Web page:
What do you first think of when you picture an art gallery? Maybe it is the hanging paintings sectioned by rope barriers with support signs that read “DO NOT TOUCH,” or the nameplates beside them with short descriptions of artists whose faces you have never seen.
If so, you would likely have a very different experience than expected at the Heart Gallery. On Saturday, Feb. 11, Drexel’s URBN Center bustled with beaming young artists arranging original artwork on tables at their own colorful stations. Each one of them highlighted unique creations, from full canvas paintings and small prints to handmade jewelry, portfolio bags and custom sneakers. Many artists bounced from table to table as everyone finished setting up, laughing as they chatted with fellow artists or helping them organize their work in a way that matched the art’s aesthetic.
As guests filed in, the artists struck up conversations with visitors to their stations on any work that caught their eye, whether it was the framed dollar bill brandished by a detailed drawing of Pikachu or the huge poster of Childish Gambino against a space-like background. Then, after a short transaction, they handed off their own work to new owners and pocketed the money they had earned.
The Heart Gallery was the third such showcase organized by WestPhil Marketplace, a space created for the buying and selling of original student artwork organized by Eitan Goldberg, a graphic design student in Drexel’s Westphal College of Media Arts and Design. According to him, the motivation to begin developing the marketplace almost a year ago came during an otherwise ordinary school day.
“A friend of mine brought this really awesome poster to class, and even though we don’t usually talk about buying each other’s work, a bunch of people offered to pay him for it, Goldberg said. “It made me think, ‘there should be an easy way to do this,’ so I created this marketplace for people to get experience putting themselves out there and getting paid for their work as easily as possible.”
A creative in his own right who manages his clothing brand Juicebox and practices photography in his free time, Goldberg is both a facilitator and a vendor at WestPhil Marketplace’s events, so being part of the Heart Gallery he brought to life gave him a unique perspective.
“The amount of time and effort that went into [organizing the Heart Gallery] is hard to quantify honestly, because it’s a year in the making,” he said. “But it’s always exciting doing these events and watching them grow.”
Artists like Westphal students Valeria Morales and Cecilia Fralick who have been involved with WestPhil Marketplace since the beginning have seen this growth firsthand. Sitting side by side behind a large spread complete with Valeria’s brightly colored mirrors and Ceci’s illustrated notebooks was no longer new to them, but they still enjoy the opportunity to display their hard work at events like the Heart Gallery.
In Ceci’s words, “It’s been really, really cool to have a space to sell stuff that we wouldn’t normally make in school, being able to sell illustrations on subject matter I love.”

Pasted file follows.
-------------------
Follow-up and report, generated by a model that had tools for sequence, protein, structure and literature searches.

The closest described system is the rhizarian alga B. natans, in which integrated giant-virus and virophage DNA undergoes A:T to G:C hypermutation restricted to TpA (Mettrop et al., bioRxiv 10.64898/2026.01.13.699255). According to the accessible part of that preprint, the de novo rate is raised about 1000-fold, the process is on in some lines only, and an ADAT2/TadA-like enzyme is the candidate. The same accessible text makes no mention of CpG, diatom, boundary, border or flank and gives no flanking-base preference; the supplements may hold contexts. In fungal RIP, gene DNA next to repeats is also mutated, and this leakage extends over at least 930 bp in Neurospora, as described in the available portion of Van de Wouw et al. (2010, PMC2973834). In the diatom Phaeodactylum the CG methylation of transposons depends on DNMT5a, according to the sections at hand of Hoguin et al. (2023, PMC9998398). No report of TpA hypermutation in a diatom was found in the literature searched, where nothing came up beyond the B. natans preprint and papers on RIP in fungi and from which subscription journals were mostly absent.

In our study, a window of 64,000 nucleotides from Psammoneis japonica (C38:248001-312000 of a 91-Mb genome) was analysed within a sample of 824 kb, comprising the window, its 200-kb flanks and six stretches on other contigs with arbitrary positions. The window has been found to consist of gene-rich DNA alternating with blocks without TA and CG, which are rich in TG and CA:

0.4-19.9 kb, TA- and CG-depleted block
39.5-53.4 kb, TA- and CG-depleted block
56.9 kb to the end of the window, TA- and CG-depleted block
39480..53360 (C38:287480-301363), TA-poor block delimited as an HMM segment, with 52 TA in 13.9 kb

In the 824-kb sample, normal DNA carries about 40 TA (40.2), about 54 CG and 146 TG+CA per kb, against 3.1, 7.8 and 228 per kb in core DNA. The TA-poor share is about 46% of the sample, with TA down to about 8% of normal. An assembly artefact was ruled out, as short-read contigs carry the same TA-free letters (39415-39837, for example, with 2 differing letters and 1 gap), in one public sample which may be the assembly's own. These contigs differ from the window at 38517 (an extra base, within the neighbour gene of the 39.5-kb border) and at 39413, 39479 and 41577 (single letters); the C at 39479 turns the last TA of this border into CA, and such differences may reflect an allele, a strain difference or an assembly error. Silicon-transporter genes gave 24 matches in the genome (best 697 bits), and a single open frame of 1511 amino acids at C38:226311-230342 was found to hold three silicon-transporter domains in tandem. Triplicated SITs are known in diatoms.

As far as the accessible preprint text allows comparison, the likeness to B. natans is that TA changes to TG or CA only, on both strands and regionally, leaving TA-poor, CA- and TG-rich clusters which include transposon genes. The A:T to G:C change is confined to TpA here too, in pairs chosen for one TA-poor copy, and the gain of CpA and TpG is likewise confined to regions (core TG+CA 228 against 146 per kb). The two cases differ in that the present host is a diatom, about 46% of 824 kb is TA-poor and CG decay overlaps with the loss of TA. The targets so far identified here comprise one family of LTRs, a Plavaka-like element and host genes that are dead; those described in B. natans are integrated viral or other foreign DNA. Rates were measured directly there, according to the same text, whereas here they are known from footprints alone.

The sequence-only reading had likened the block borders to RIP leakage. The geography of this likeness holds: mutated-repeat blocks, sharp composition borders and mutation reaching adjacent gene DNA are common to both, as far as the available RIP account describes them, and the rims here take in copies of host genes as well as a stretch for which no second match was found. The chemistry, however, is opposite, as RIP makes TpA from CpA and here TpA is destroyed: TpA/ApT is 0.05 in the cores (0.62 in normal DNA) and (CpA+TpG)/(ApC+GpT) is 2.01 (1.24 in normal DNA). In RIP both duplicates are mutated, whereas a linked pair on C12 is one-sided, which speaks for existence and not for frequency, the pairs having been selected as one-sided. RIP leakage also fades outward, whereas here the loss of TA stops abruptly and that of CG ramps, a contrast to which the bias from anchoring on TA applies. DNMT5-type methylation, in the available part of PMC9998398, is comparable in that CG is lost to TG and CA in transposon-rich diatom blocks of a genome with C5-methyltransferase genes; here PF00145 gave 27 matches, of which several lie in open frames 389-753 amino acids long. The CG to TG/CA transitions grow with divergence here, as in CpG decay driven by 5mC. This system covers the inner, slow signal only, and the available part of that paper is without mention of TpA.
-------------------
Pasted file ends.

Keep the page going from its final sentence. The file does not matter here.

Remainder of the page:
While making money from their work is rewarding, they also appreciate the chance to see the wide variety of creative styles that artists bring to WestPhil Marketplace. The organization’s events welcome new vendors regularly, and the Westphal student vendors also get to see a new side of their classmates
“I know a bunch of these people, and here I get to see their work unrelated to schoolwork,” said Valeria. “So it’s like you can see everybody’s passions and it’s nice.”
The inviting community is what attracted artist and software developer Henry Dotson, who unveiled his RPG game “Ghosted” at the Heart Gallery after seven months in development. While Dotson is in the minority of WestPhil Marketplace’s vendors as a non-Drexel student, the encouragement he received from joining their events is something he has valued ever since moving to Philadelphia.
“My friend and former coworker Ceci actually introduced me to this market, and this is my second time vending here. I moved up from DC where I also used to show art and one thing I had there that I’ve also found in the art scene in Philly is a sense of community and mutual support between everyone,” Dotson said with a smile. “You can’t have art without the human side of it.”
The success of WestPhil Marketplace’s creative community has attracted other budding artists eager to try their hand at making money from their art. So far, the organization has built a network of 42 vendors, with 21 of those selling their work for the first time. In total, these vendors have sold 424 pieces of original artwork, generating over $3,600 in revenue.
As helpful as in-person events are for artists, WestPhil Marketplace also understands the importance of promoting their work on the social media front. Marketing manager and graphic design major Yuki Mak operates what the organization calls their Digital Marketplace to support vendors on Instagram.
“I send out messages and flyers to as many people as I can whenever our vendors have events happening, and I’ve created a Google form that new vendors fill out to help them transition into the marketplace,” Mak said. “With our advertising we’ve gotten a lot of variety in our vendors and what people are selling.”
WestPhil Marketplace’s social media doubles as a hub for artists to network with each other, and Mak believes that whether they are together physically or virtually, the community they’ve built is at the heart of what they do.
“It’s been great getting to know the artists, they’re all so creative. Everyone has their own personality, their own talents, so it’s amazing seeing what people can create and meeting more people as we grow.”